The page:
Loyalty: “a deeply held commitment to rebuy or repatronize a preferred product/service consistently in the future, thereby causing repetitive same-brand or same brand-set purchasing, despite situational influences and marketing efforts having the potential to cause switching behavior” 1
In today’s hyper-competitive, multichannel and omnichannel retail environment consumers seem less loyal than ever. In our 2014 global GfK FutureBuy study, 61% of the consumers surveyed reported that they were: “less loyal to any one retailer [today], because [they] have to shop around more to find the best value”. This trend is more pronounced in some local markets – in Brazil the equivalent figure is 76%, it’s 74% in China, 68% in the US and 65% in France – but overall there is a general move by consumers away from loyalty to retailers. When we looked at Leading Edge Consumers (LECs)*, more than three quarters (76%) said they were now less loyal to one retailer, compared to 58% of non-LECs. Because of their role as influencers of the mass market, this finding suggests retailers need to understand changes in consumer mindset and behavior around loyalty.
The key question is why are retailers, despite huge investments in loyalty programs and brand building, finding it so difficult to build and retain customer loyalty?
The problem could be their approach. Effective brand building acquires new customers, but it also creates and builds loyalty. Good loyalty programs retain customers, but also build and enhance the customer’s relationship with the brand as well as the retailer.
Despite this obvious interdependence, most retailers approach the management of their brand building and loyalty objectives in different and sometimes counter-productive ways. The “price-driven” and “deal-driven” tactics of many retailer loyalty programs further undermines customer loyalty by encouraging customers to go for the best deal above all other considerations.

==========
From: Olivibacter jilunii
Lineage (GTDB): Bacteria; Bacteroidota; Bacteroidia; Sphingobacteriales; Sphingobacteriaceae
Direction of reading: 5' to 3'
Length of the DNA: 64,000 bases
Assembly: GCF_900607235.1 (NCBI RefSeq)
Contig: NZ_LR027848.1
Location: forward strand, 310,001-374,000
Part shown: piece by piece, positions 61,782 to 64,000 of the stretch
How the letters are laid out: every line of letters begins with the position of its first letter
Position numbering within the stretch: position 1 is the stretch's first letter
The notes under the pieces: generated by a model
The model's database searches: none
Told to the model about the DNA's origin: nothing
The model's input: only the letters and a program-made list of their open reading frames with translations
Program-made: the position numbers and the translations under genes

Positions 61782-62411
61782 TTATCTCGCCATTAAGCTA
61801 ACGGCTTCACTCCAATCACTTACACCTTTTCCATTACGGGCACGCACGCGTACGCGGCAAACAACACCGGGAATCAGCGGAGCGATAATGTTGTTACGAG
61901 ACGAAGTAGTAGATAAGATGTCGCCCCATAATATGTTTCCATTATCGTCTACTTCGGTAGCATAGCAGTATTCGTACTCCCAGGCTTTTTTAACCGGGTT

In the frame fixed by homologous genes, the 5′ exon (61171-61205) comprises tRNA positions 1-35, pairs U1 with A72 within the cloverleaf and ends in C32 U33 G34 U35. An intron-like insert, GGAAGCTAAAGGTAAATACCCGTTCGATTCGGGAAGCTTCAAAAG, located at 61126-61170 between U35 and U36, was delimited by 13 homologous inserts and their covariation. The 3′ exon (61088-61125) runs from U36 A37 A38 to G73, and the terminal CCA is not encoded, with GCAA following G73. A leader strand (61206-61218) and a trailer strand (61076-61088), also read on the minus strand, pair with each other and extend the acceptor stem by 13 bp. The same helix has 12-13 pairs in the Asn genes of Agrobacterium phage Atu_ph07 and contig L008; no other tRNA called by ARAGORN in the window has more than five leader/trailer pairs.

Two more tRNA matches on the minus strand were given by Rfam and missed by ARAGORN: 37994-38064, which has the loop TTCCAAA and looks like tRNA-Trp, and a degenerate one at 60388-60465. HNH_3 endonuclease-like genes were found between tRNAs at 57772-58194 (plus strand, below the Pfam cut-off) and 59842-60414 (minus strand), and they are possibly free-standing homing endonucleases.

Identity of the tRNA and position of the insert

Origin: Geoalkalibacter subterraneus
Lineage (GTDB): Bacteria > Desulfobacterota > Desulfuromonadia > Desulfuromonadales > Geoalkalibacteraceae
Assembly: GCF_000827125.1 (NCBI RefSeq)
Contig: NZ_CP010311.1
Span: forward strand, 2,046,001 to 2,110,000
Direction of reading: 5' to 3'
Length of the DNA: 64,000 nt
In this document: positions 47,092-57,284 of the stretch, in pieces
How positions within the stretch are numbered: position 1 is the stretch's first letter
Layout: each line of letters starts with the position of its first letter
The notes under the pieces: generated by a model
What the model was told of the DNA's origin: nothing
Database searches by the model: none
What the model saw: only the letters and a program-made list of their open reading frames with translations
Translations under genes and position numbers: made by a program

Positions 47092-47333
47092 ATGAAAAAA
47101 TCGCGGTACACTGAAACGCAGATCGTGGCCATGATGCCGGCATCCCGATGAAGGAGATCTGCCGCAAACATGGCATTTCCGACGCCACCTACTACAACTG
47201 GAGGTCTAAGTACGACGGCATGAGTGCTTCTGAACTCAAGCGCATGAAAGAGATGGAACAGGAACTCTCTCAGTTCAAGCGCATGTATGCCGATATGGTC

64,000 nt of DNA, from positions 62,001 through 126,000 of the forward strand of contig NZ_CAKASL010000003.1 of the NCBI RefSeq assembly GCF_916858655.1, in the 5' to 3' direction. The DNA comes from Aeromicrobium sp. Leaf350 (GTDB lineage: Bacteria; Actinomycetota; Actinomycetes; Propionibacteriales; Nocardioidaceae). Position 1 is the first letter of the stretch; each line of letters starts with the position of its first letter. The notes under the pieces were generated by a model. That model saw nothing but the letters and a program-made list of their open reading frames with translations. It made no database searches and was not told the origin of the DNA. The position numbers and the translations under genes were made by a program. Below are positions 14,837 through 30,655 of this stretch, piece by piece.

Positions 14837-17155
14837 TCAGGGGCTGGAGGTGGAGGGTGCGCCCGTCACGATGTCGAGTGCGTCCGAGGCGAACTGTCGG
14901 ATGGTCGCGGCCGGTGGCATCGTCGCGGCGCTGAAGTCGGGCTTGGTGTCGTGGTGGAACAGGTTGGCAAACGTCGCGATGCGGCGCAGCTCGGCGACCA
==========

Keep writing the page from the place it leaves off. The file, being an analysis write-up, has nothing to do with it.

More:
The “emotional imprint” of customer experience
We need to manage customer loyalty in a more holistic, integrated and mutually beneficial manner alongside brand building. We must also recognize that the difference between success and failure for both depends upon exactly the same thing – the enduring quality of the customer experience.
Many experiences that consumers have with retailers produce little to no emotional response whatsoever. And that is the problem.
At GfK, we refer to the “emotional imprint” of experience.
“Good” experiences, associated with strong and vivid memories, reflect positive emotional imprints and are associated with strong, positive emotions (e.g., happiness, joy, love, interest, gratitude, etc.). “Bad” experiences, also associated with strong and vivid memories, reflect negative emotional imprints and are associated with strong, negative emotions (e.g., anger, disgust, contempt, frustration, sadness, etc.).
So how can retailers benefit from managing the emotional imprint of experience?
First and foremost, they can expect to see benefits extending well beyond the realm of purchase frequency. By managing and optimizing loyalty programs centered around drivers that leave positive emotional imprints, retailers can create and reinforce a positive cycle of consideration, purchase behavior and preference.
One finding from our FutureBuy study suggests that people will be more loyal to a brand or retailer if they feel they can contribute to it in some way. Just over half (52%) of consumers agreed “I would be more loyal to a brand/retailer that lets me give input or help shape the products/services I buy.” Regionally the sentiment is felt most strongly in Latin America (60%), dropping to 48% in Europe and 46% in North America. Of particular note is the figure for Leading Edge Consumers at 78% – compared to 47% for non-LECs.
Retailers may want to consider the options for involving their customers more. Repeated positive emotional imprints like this create the sort of “loyalty” that is far more likely to resist the competitive pressures on market and also help to build stronger, more durable relationships with customers. By building loyalty programs and brand management on the foundation of great experiences, retailers can make sure that their customers’ loyalty increases for all of the right reasons, instead all of the wrong ones.
David Robbins is Global Director, Customer Satisfaction & Experience at GfK; contact him at firstname.lastname@example.org.
1 Oliver, R. L. (1999). Whence consumer loyalty? The Journal of Marketing, 33-44, p. 34
* Leading Edge Consumers (LECs) are made up of three different types of shoppers: early adopters, inﬂuentials, and passionate shoppers; GfK FutureBuy 2014